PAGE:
Garlic Growing Tips

dzpp6j0fz2ynby36m4hqGarlic is believed to have originally grown wild in the mountains of south central Asia. Summers there are very hot and dry, and winters are long and extremely cold. Those ancestral garlics grew in thin, sandy soil of poor quality and received very little rainfall during their growing season. Garlic is an ancient survivor that will grow almost anywhere, but, like most plants, it responds well to the more favorable growing conditions found in your garden or planter box.

Garlic grows best in a rich, fluffy, well drained garden soil. We build organic matter and fertility in our soil by growing and turning under cover crops in a three year rotation with our garlic crop and other vegetable crops. We add as much compost as we can make to the soil and we also add a good organic nitrogen fertilizer when we plant.

In those areas of America where the winters are cold enough for the ground to freeze solid (Illinois), garlic is usually planted sometime in the week before or the week after October first. Garlic should be planted four to six weeks before the ground freezes solid so that its roots become well established before winter. In those areas of the country where the ground does not freeze solid in the winter, garlic may be planted anytime from October through January. Check with good gardeners in your area for a local planting date.

To plant your garlic, first break the bulbs apart into individual cloves, being careful not to damage the bottom end of the cloves when you do. All of the cloves will produce a bulb of garlic, but the largest cloves will produce the largest bulbs. The roots will grow from the scab on the fat end of the garlic clove, so that end should always be planted facing down. Plant the cloves six to eight inches apart and deep enough so that there is an inch to two inches of soil covering the pointed end of the garlic clove from which the top growth will emerge. Rows should be ten to twelve inches apart, with not more than four rows in a single bed. Your garlic will also grow quite happily in a pot on your balcony. Just keep each clove you plant at least two inches from the side of the pot and four inches from each of the other cloves you plant.
Once your garlic is planted, add some organic nitrogen fertilizer or compost and then mulch the bed six to eight inches deep with a good fluffy mulch such as oat or barley straw. This mulch will help keep the cloves from being heaved out of the ground by frost, and will also conserve moisture in the spring and help prevent the growth of weeds in your garlic bed.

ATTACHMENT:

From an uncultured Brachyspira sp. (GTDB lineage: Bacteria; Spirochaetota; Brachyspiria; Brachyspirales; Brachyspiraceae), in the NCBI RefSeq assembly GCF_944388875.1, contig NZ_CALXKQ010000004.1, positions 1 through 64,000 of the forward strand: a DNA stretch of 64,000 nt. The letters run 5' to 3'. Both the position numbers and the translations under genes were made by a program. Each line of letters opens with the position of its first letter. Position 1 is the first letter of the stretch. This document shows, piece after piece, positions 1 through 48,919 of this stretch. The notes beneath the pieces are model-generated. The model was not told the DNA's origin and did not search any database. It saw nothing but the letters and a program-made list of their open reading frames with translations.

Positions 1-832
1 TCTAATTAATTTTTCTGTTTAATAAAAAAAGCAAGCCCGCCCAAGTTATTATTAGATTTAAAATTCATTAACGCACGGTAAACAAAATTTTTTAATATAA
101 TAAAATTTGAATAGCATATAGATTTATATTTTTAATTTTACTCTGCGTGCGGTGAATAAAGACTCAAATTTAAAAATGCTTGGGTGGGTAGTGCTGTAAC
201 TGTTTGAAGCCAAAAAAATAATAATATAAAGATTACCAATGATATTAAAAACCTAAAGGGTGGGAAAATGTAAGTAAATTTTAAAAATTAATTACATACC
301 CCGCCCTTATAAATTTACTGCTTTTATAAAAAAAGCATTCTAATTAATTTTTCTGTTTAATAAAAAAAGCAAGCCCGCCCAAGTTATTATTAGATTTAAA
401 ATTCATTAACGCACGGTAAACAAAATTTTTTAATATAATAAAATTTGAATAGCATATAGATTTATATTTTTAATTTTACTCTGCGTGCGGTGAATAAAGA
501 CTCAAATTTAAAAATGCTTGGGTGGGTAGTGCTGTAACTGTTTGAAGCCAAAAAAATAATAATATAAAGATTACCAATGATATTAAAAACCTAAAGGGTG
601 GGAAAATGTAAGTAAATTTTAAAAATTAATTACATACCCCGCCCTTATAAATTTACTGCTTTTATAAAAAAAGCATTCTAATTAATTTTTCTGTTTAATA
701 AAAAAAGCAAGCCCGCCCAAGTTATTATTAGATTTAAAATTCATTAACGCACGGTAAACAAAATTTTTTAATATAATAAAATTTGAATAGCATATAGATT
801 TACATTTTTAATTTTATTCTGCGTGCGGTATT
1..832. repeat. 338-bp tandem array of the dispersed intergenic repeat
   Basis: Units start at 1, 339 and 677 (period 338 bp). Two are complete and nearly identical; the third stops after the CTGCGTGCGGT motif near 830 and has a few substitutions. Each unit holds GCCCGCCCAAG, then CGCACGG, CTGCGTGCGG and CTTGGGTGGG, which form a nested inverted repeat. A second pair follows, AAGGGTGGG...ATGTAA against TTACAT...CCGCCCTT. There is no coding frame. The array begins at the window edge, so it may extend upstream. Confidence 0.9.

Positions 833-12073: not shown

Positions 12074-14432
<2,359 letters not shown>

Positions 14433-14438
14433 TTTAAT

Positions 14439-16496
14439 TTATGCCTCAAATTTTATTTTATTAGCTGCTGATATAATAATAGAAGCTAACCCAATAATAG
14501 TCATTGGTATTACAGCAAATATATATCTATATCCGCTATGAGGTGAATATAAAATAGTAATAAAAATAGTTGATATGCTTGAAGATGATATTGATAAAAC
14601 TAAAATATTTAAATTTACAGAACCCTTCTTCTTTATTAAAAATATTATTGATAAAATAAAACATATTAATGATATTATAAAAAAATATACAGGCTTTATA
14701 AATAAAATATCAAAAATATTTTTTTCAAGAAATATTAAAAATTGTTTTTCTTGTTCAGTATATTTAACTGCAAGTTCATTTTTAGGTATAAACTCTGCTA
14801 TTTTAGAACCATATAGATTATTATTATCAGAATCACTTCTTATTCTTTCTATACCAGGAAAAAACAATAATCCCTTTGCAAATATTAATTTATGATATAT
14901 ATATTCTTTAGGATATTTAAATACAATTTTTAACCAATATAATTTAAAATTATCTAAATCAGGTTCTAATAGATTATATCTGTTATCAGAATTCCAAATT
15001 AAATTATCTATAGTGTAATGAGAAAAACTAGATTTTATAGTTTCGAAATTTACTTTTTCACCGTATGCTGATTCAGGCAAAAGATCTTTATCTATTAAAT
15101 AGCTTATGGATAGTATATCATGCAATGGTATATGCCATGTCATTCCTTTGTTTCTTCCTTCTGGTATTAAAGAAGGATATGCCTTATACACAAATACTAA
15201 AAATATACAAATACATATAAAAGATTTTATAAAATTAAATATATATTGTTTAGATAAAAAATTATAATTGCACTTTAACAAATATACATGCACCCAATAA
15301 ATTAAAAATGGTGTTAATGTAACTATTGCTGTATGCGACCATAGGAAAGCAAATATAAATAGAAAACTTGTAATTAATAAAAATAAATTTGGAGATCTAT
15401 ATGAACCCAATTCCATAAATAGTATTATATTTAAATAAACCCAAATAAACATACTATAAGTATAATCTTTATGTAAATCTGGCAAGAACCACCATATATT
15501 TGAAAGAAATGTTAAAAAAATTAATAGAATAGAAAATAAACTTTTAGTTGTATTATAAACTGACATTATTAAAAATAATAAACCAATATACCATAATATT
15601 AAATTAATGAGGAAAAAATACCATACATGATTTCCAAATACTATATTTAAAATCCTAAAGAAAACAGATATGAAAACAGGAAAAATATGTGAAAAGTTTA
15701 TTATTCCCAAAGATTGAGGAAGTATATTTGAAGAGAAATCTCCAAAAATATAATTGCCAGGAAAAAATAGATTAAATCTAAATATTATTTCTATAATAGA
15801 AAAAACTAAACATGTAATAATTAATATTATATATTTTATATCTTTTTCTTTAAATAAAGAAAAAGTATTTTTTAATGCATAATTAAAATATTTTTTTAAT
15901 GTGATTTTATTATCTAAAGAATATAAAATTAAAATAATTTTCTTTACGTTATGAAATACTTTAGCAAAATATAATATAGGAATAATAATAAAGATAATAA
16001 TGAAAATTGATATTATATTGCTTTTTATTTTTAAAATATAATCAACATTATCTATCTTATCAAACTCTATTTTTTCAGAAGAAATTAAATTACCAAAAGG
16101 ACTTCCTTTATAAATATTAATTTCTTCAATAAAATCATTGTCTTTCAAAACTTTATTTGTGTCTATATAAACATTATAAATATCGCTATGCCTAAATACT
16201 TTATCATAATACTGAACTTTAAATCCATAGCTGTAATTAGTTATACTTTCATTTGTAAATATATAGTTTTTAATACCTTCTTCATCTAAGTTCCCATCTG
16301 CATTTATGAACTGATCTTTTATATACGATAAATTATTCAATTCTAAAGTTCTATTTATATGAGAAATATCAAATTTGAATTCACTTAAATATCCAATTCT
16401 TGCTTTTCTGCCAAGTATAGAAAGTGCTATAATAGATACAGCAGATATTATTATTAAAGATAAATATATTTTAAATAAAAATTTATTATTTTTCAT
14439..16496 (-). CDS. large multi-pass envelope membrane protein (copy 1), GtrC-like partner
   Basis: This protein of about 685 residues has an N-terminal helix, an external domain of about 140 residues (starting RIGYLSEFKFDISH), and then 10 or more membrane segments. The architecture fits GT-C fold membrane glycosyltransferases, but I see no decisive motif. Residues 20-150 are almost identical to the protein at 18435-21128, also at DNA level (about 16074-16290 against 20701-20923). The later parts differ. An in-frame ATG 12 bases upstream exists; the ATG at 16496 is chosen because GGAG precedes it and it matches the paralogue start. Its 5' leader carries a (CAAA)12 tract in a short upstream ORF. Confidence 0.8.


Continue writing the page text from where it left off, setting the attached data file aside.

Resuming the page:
In the spring, typically sometime in the month of March, the garlic will begin growing right up through the mulch. After you see the plants emerging, it is a good idea to check the spots where they have not come up yet, as sometimes they may require a little assistance from you to push up through the mulch. Once the garlic is up, it is important to keep it well watered just as you would any other garden vegetable, as garlic especially needs adequate water in order to produce large bulbs. It is also important to keep the garlic bed weeded well if you want to have a good yield.

Hardneck garlic plants produce a flower stalk with small bulbils in a capsule at the tip of the stalk. This stalk should be removed from the plant about one inch above the top leaf so that the plant will direct its growth energy down into the bulb. We cut this flower stalk off in early June when it is between six and eight inches long and still tender enough to enjoy in stir fries and pesto.

Garlic is usually harvested sometime in the beginning of July. As the garlic matures, the leaves begin yellowing from the tips of the leaves in and from the bottom of the plant upward. You can tell that the garlic is ready for harvesting when approximately half of the leaves have turned yellow and half are still mostly green. Stop watering your garlic about a week before the harvest so that the soil around the bulbs can dry out. This will allow them to be pulled cleanly from the bed. Loosen the soil around each plant with a garden fork and then pull the garlic carefully out of the ground, keeping the whole plant intact. Rub the dirt out of the roots and take the garlic immediately to a cool, shady spot.

Form bundles of about ten plants each and tie them with twine about six inches above the bulbs. Then hang the bundles to cure, with the bulbs hanging down, in a dry shady place with good ventilation. After three or four weeks, the plants will have dried down and you can trim the roots to about half an inch in length and remove the dirty outer skin of each bulb. Then you can either leave the bundles hanging or cut the tops off about an inch above the garlic bulbs and store the bulbs in a net bag in a cool, dark, well ventilated place until you are ready to enjoy them.